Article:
Outside of Canada, the news of the death of the legendary fighter pilot James Francis “Stoke” Edwards did not resonate. Stoke’s English-language military slang “Gone West” reached almost 101 years of age on Saturday, May 14, 2022.
Born in May 1921 in Nokomis, Saskatchewan, Western Canada, young Edwards enlisted in the Royal Air Force of Canada (RCAF) in 1940. After completing basic training under the Commonwealth Air Training Program, he joined the Operational Transformation Unit in July 1941. The RAF in England is equipped with Hawker Hurricane aircraft.
In January 1942 he was sent to Libya as part of 94 Squadron RAF equipped with hurricanes, then up to 260th equipped with Curtiss P-40 Kittyhawk fighters / bombers. An exceptional feat, to put it mildly, he shot down Messerschmitt Bf 109 during his first combat mission in March 1942. This was not the last downed enemy plane since its destination Desert air force he records 15 confirmed victories. Baptized on desert falcon The media call the young hero of the war rather stocky his comrades-in-arms for his irritability in battle. However, he is a real gentleman who notices his superiors not only for his ability as a fighter pilot, but also for his charismatic dignity among peers.
After 195 missions over the deserts of North Africa, Stokey was transferred to the Italian front, where he was promoted to squadron commander, and now he is a pilot of the Supermarine Spitfire. In February 1944, he shot down four enemy planes in 26 sorties over the Anzio bridgehead south of Rome. His last trip to Italy was almost his last mission. His Spitfire suffered a massive leak of glycol through the mountains. Too low to the ground to try parachuting, Edward lined up on a small clearing near the top. As he was about to land, the engine exploded and the plane caught fire. The pilots who accompanied him flew over the smoldering wreckage and concluded that the commander of their squadron had died. However, miraculously ejected from the plane, Stokey survived. He was also rescued by Gurkhas who witnessed the accident. Still alive, but unconscious, he woke up the next day in a field hospital. A week later, he hitchhiked back to his squadron. Stunned by the appearance of this ghost in a turban in bandages, his colleagues instead prepared to meet the new squadron commander!
Having been ordered to return to England to support the landing in Normandy, he took command 274 Squadron RAF equipped with Spitfire aircraft. In February 1945, at the age of 23, he received the rank of commander 127th The RCAF wing, led by four Canadian Spitfire squadrons. On May 3, 1945, Edward made his 373th and the last combat mission, shooting down a Junkers Ju 88 bomber with the help of other pilots. His list of assassinations includes 19 individual victories (including 18 hunters: 14 Bf 109, 3 Focke-Wulf Fw-190 and Macchi MC.202), a dozen joint victories, a dozen aircraft destroyed on the ground, and much more. lined up more than 200 tanks and military equipment. He is also credited with dozens of additional likely victories.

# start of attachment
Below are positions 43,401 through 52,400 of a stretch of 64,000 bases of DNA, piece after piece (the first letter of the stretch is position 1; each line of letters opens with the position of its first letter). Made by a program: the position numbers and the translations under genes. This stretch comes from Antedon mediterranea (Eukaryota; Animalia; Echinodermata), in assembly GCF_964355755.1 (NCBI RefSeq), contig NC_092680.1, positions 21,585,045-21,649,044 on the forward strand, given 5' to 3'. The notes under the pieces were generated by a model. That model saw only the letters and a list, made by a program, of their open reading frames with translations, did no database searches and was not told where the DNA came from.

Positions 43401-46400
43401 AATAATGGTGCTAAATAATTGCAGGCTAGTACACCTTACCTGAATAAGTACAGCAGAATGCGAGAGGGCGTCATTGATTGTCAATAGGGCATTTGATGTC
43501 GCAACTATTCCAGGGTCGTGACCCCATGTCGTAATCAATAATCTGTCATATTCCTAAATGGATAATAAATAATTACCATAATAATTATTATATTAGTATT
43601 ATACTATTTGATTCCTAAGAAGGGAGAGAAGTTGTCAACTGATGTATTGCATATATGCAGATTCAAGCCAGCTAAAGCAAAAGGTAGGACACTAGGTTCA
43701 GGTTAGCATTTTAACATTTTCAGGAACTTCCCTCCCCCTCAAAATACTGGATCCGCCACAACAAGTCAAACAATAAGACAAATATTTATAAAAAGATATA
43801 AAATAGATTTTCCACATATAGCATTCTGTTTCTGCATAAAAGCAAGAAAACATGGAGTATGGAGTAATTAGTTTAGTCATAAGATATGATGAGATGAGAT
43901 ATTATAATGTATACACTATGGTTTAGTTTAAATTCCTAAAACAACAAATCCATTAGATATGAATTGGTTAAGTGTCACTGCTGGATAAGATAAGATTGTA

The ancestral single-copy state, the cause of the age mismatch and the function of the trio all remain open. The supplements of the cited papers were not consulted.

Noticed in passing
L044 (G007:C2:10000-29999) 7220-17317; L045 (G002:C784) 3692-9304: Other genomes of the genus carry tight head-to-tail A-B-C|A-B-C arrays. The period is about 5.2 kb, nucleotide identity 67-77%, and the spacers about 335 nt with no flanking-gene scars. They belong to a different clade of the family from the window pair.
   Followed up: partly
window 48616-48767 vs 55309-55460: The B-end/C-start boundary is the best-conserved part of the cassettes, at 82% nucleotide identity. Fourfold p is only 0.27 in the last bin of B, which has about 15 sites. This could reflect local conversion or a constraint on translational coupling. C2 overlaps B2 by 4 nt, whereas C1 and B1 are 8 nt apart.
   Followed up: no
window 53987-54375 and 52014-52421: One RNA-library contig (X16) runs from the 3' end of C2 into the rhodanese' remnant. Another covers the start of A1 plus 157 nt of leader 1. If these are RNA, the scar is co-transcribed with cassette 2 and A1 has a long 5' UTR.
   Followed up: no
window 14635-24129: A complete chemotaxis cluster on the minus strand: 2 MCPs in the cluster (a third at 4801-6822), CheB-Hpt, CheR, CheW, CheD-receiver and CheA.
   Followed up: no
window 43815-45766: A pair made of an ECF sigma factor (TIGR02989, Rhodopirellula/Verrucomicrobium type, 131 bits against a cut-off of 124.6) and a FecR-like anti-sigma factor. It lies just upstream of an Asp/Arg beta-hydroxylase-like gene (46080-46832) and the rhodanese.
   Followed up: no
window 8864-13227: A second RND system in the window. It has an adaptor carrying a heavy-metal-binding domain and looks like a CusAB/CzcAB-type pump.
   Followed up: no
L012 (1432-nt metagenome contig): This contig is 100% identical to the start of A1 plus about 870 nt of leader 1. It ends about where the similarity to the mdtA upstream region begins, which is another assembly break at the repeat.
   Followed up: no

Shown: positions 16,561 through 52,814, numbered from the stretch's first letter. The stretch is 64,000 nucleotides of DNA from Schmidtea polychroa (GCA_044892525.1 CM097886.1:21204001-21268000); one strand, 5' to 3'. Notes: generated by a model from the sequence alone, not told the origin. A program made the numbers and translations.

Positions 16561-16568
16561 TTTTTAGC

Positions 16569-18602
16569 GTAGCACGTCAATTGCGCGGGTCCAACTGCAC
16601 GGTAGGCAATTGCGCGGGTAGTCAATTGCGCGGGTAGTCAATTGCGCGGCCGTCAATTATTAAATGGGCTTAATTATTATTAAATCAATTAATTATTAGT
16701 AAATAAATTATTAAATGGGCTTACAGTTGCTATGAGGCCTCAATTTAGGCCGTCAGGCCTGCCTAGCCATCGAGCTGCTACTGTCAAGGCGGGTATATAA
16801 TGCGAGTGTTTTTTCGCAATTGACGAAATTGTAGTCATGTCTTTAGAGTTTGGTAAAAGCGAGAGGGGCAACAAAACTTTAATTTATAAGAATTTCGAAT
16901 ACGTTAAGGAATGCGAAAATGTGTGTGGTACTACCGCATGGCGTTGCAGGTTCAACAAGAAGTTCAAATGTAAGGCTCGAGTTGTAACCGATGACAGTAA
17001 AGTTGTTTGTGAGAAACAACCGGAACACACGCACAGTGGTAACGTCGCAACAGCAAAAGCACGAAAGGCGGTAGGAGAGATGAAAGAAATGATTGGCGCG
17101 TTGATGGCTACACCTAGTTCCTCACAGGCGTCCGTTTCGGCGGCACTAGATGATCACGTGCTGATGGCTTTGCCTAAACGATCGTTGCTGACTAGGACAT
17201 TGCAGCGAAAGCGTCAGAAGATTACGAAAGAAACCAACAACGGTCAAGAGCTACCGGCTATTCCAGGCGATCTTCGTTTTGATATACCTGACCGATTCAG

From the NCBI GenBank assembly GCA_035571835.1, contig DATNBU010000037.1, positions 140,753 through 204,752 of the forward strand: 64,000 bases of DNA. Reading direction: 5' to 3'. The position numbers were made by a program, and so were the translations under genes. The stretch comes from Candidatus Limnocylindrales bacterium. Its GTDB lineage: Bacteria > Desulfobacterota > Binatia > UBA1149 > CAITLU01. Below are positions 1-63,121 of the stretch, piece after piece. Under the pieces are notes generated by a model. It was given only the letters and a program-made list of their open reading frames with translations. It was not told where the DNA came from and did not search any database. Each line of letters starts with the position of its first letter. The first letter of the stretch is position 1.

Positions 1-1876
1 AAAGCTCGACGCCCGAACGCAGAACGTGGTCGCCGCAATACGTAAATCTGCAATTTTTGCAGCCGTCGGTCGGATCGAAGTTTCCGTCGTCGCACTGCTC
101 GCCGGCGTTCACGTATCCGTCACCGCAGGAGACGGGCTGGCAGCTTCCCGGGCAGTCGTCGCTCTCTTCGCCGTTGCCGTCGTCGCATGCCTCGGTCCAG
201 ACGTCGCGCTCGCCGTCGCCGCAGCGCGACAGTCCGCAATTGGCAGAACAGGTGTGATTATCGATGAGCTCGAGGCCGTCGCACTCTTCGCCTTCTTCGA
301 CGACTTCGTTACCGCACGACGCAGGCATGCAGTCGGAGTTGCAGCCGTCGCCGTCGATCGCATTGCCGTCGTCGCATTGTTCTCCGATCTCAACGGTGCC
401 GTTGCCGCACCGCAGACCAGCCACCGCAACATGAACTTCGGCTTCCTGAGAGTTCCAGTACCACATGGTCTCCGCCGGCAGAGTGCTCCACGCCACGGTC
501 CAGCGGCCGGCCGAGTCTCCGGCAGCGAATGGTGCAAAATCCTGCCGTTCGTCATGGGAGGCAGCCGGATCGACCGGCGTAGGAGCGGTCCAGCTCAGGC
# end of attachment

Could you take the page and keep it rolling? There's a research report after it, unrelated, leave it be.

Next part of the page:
Returning to Canada after the war, he continued his career in the RCAF, where he was one of the first to fly jets. Initially piloting the DH100 Vampire, in 1951 he formed and commanded the first squadron of Canadair CL-13 Saber fighters in the RCAF. In 1952, Stokey was appointed Commander 2th The Canadian Squadron is based in Grostenkin, France. Three years later, he was called to another front of the Cold War. Returning to Canada to study at Staff College, he was assigned to the US Air Force Air Defense Headquarters for four years. During this stay, he participated in the creation of the Canadian-American team structure, which will become NORAD. Returning to Canada and wanting to save the wings of his pilot, he learned to fly the first all-weather interceptor RCAF, CF-100 Canuck. After a series of posts in Canada, Stokey retired in 1972 after 32 years of military service.
He and his family settled in Comox, Vancouver Island. During his retirement, he wrote several books based on the experience of the war and became a successful artist whose paintings illustrate the history of Canadian aviation. He also set up a trust to promote aviation careers among young people, especially those enrolled in programs offered by RCAF cadets.
Although not the most successful Canadian ace during World War II, this award went to the Falcon of Malta, his celebrity was no less. He has received numerous awards, including the Legion of Honor, and was inducted into the Canadian Aviation Hall of Fame in 2013. Perhaps the most pleasant tribute to him is the beautifully restored P-40 Kittyhawk. Vintage wings of Canada in the colors of the plane on which he recorded the largest number of his victories during the war. Always modest, Stokey considered his guardian angel not to have been shot during the war. A military funeral was held today in honor of this hero and gentleman. For my part, I raise my glass at the Bar de l’escadrille to wish him a good flight. May he meet his guardian angel, who has protected him so well all these years!